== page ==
The air filter is usually located there if your furnace has a blower motor compartment. In most cases, you’ll need to remove the access panel by unscrewing the outer cover with a wrench. Once you’ve removed the panel, you should find the air filter behind it.
If your furnace doesn’t have a blower motor compartment, the air filter could be located within the return air duct. Start looking for a large vent that sucks in air, usually placed near the furnace. If you can’t see the filter directly at first glance, you might need to disassemble the ductwork to access it.
Consulting Your Furnace Manual If Need be
If you’re still having trouble finding the air filter, or if you’re unsure what type of filter to use, consult the furnace manual. The manual should contain information regarding the type and location of the filter and instructions on how to change it. If you’ve lost the manual or it doesn’t contain information about the filter, the manufacturer can probably provide you with the necessary information.
How Often Should You Change Your Furnace’s Air Filter?
Several factors can influence the frequency of changing your furnace’s air filter. These factors include the presence of pets, the frequency of furnace usage, the air quality in your home, the number of people living there, and the filter you’re using. Essentially, if you live in a busy household with several pets, your furnace’s air filter may need more attention than if it were in a single-occupancy home.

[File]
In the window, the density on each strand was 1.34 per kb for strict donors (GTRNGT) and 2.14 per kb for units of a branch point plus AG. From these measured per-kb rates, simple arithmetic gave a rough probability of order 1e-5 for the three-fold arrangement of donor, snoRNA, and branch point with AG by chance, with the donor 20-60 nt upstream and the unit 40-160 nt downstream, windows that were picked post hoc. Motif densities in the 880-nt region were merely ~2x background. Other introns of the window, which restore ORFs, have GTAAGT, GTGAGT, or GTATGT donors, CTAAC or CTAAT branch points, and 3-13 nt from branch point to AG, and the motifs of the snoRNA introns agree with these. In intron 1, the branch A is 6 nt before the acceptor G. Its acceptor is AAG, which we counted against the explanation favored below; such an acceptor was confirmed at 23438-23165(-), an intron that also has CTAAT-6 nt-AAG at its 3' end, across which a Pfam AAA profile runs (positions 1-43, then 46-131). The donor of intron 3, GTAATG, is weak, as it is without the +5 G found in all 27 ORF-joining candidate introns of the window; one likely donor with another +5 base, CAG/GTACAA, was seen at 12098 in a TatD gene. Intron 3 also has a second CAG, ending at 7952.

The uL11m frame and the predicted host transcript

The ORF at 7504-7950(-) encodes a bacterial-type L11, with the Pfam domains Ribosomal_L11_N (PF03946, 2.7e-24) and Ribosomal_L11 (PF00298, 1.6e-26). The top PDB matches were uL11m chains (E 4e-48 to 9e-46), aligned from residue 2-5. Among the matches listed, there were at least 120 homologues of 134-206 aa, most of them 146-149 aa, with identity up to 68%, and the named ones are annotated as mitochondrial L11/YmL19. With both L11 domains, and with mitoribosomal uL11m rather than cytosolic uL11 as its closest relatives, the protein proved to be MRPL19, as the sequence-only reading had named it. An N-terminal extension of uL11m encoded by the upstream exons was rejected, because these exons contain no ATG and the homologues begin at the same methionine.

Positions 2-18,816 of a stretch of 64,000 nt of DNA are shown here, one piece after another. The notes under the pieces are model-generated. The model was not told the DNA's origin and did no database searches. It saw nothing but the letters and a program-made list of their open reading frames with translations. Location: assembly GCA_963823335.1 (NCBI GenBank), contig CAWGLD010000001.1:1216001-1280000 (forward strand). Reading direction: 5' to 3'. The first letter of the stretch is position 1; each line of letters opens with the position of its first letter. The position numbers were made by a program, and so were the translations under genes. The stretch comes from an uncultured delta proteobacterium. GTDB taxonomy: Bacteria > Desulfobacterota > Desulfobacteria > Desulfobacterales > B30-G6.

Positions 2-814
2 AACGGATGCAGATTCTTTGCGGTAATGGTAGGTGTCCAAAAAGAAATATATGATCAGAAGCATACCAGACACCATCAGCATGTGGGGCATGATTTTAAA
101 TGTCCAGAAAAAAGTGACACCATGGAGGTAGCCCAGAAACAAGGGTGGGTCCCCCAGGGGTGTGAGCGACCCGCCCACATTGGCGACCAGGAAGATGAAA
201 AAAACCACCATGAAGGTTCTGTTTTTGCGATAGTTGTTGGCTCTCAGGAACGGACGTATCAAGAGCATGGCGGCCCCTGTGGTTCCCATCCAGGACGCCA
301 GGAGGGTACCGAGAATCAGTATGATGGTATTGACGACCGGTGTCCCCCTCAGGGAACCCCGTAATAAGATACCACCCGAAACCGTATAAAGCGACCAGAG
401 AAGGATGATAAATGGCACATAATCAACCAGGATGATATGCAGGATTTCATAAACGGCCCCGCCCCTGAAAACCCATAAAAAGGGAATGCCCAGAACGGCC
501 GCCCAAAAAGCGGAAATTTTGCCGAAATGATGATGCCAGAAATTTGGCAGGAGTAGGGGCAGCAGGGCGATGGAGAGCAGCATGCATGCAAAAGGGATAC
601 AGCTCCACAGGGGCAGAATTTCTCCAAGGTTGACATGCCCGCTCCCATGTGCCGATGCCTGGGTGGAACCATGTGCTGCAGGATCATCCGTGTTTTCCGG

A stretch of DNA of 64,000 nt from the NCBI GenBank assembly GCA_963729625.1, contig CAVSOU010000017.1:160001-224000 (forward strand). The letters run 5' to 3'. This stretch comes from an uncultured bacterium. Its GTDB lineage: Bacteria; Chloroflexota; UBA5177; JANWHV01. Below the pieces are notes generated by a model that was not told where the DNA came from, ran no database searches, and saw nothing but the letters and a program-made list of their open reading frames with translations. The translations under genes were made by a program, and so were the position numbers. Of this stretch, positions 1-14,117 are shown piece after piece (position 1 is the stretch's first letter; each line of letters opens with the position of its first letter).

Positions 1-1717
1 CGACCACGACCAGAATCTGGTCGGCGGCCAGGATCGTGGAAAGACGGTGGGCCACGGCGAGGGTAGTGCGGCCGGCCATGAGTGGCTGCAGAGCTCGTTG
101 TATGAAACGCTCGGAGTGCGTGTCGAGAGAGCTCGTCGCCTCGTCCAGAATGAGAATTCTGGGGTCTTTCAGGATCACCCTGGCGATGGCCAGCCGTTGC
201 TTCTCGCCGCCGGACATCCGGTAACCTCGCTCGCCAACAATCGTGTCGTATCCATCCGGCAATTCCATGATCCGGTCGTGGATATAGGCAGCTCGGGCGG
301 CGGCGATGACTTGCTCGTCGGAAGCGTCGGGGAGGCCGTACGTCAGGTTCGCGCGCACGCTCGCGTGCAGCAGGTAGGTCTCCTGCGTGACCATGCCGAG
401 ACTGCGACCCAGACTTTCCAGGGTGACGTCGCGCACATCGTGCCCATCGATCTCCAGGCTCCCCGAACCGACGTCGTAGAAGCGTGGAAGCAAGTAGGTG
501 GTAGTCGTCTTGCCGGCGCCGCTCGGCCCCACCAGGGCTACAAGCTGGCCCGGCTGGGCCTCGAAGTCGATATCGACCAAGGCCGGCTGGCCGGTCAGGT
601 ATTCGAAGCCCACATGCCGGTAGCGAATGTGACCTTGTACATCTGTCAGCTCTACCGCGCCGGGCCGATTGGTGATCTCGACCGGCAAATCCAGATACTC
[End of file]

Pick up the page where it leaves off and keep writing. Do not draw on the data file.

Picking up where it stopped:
Guidelines For Changing Your Furnace’s Air Filter
You should generally change your furnace’s air filter at least once every three months. It is a guideline that is useful for the average household. However, there are exceptions to this rule, and the frequency of air filter replacement varies based on different factors.
For example, if you have pets, allergies, open windows or doors during high pollen levels, live in a dusty area, or have a large family, you may need to change the air filter more often. Additionally, a yearly change may suffice if you do not use your furnace frequently.
When To Change The Air Filter More Often
If you have pets, children, or elderly people living in your home or suffer from allergies or asthma, you might consider changing your air filter more often than the three-month guideline suggests. If you live in an area with heavy construction or road traffic, or if it’s dusty or polluted, you may also need to change the filter more frequently. During particularly extreme seasons or a wildfire, the frequency of air filter replacement may increase.
It is also essential to consider the type of filter you use when determining replacement intervals. The manufacturer typically recommends filter replacement intervals, and you should follow them closely.
Knowing where to find and how often to change your furnace’s air filter is essential to keep your home’s air quality healthy. While the three-month rule applies in most cases, remember that certain factors can influence the frequency of air filter replacement. If you have any doubts, consult your furnace manual or the manufacturer. Keeping a regular maintenance schedule will help you make sure that your furnace is always working properly and your home’s air quality is at its best.